I get off the bus in Moore with a group of blue-shirted volunteers from Chesapeake Energy Company. It’s 1:30pm. Hot. Sunny. I walk down a street, what used to be a neighborhood street. Now on both sides of me there remain only the skeletons of houses and heaps of rubble taller than I am. Up ahead I see people. Three women sitting in the middle of the street. They are smiling.
They are watching a bulldozer demolish their house.
What strikes me about these women is how jovial they are. They are laughing and talking, joking and rubbing suntan lotion on their arms. It’s like they’re at a football game, or out at the park. I learn they are three generations of Oklahoma – born and bred. Joan, or “Gran” as she calls herself, is the matriarch of the trio. Her daughter, Lynn, is the owner of the now-defunct house on the corner, while Lynn’s daughter, Shannon, lives in Oklahoma City. As I am talking with Gran, Lynn suddenly jumps up and disappears behind the pile of rubble. A few minutes later we see her reemerge – inside the bulldozer! What a great release it must be to just unleash anger, frustration and fear through the long arms of a giant metal robot. When she finally reappears at the makeshift lawn-chair outpost, she plops down, tired, and exclaims that she got the dresser and the mattress!
This is not their first rodeo. As native Oklahomans, they have survived the bulls-eye of more than one tornado. Lynn’s home was destroyed for the first time in 2003. That’s when she moved here. After the bulldozer has cleared her land, she says, she’ll rebuild. Yep, right on that same spot. She loves the park behind the neighborhood, which right now looks like no more than a mess of strewn limbs over puddles of mud and grass. But the trees are alive, she assures me, and they will heal.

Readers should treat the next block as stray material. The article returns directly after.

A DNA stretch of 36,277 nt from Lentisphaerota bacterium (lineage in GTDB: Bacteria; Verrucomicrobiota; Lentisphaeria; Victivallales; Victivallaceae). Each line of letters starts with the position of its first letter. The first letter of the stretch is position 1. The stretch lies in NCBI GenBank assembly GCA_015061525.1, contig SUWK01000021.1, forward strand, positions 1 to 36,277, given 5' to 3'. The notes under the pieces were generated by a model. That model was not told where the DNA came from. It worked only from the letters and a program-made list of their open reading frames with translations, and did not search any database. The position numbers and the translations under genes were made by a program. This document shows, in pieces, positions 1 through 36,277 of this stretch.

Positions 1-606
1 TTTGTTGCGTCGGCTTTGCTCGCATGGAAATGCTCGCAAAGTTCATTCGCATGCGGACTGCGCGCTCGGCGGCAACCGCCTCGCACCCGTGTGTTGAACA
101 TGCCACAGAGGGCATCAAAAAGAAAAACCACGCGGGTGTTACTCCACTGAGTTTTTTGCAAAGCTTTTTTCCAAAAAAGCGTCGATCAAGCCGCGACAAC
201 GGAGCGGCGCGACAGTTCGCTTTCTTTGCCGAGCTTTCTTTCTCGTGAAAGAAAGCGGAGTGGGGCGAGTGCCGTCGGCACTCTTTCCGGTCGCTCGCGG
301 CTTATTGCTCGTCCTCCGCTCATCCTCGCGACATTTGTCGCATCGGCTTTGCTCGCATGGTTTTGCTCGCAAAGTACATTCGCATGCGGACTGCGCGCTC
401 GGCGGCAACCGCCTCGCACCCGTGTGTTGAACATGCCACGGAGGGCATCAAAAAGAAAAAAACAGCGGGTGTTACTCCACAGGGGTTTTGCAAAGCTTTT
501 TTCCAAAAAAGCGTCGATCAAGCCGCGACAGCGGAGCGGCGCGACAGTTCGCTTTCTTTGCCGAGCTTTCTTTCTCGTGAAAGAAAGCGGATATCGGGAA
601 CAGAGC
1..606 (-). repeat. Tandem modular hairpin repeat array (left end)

And so will these women. And the other women I talked to today in Moore. They are sending us messages from wherever they have scattered to since their homes were destroyed – homes of friends, relatives, hotels, gymnasiums – that they are fighting, and they need our help, not our pity. And we hear them! We are responding. You can even help respond… by posting, texting and emailing the women’s health needs assessment that COHI is conducting to your friends and relatives.
Every woman that we hear from gives us vital information and helps guide us to respond to the needs of these beautiful women in their time of courage. So please share this link liberally. It takes 10 minutes to fill out and will contribute immensely to the longterm recovery needs of these women who deserve our help.
In light, love, and laughter 🙂
Michelle Jones, CPM, LM